Houston — Canada's Enbridge wants to expand its North American natural gas infrastructure footprint and would be willing to make a small investment in another LNG export project if an opportunity presented itself to further its pipeline interests, CEO Al Monaco said Tuesday.
During an investor presentation in New York that was webcast, the midstream operator outlined a strategy heading into 2020 that largely focuses on its core strengths in liquids pipelines, gas transmission and gas distribution and storage.
While directly investing in new liquefaction is not high on that list, Enbridge sees it as a potential means to an end, as it seeks to boost gas volumes on its existing pipelines and build new ones to serve growing export markets, including from the US Gulf Coast. It holds a 10.5% stake in the proposed Annova LNG export project in Brownsville, Texas.
"If there is an opportunity to make a small investment that would help us win a pipeline project and there was an LNG model that fit with our own model, I would suppose that would be an opportunity," Monaco said.
He described the possibility of another similar investment as "low probability" but possible under the right conditions. Annova LNG is being developed to receive natural gas supply from a pipeline lateral that would connect to Enbridge's Valley Crossing Pipeline system.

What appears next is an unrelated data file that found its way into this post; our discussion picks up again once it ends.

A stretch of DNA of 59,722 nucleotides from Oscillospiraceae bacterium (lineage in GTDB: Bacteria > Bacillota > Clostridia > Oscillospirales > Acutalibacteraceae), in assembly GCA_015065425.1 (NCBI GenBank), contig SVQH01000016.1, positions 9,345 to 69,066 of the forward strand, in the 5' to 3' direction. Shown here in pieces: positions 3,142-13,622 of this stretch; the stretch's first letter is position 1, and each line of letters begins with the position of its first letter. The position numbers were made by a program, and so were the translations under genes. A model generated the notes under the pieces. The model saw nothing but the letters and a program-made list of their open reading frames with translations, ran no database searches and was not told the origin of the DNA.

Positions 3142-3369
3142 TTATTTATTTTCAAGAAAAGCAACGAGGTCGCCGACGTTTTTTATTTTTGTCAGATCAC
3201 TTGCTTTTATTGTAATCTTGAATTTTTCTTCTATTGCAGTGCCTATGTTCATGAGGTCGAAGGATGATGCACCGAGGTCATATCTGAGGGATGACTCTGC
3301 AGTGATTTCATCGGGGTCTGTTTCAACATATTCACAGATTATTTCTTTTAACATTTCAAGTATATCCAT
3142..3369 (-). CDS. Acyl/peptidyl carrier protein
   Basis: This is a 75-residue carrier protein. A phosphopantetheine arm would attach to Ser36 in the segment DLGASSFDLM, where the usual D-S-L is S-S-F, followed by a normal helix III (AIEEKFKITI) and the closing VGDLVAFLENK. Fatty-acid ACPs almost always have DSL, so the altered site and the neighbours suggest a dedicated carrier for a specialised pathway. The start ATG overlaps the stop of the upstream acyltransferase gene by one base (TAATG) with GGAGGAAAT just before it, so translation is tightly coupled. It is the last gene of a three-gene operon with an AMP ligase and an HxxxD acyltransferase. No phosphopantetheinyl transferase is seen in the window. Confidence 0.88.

Enbridge's goal in recent years has been to run a pure-play utility pipeline business that focuses on generating predictable long-term fixed fees. The company has sold billions of dollars in non-core assets to overhaul its portfolio around that mission, and it has retooled its corporate structure following the 2017 acquisition of US midstream operator Spectra Energy.
Challenges winning over regulators and landowners have hampered some of the efforts to expand its pipeline network, especially in New England, where opposition from environmental groups to further fossil-fuel project development has been strong. The Enbridge-backed Access Northeast project was shelved amid fierce opposition and legal and regulatory setbacks.
During the investor conference, Monaco acknowledged the challenges.
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"As midstreamers, we are often the point of attack," he said. "So, yes, it is tougher to get things done. It is why we have to develop and have developed a unique execution skill set that is built for this situation."
Both with its existing infrastructure and expansion projects, Monaco said Enbridge stands ready to help meet increased global demand for natural gas in the years ahead.
"These customers and markets aren't going anywhere, so our pipes are going to be around for a very long time," he said. "It is clear to me we are going to need all sources of supply. Natural gas will play the biggest role. In fact, the US is the poster child for this."
-- Harry Weber, Harry.Weber@spglobal.com
-- Edited by Zac Aiuppa, email@example.com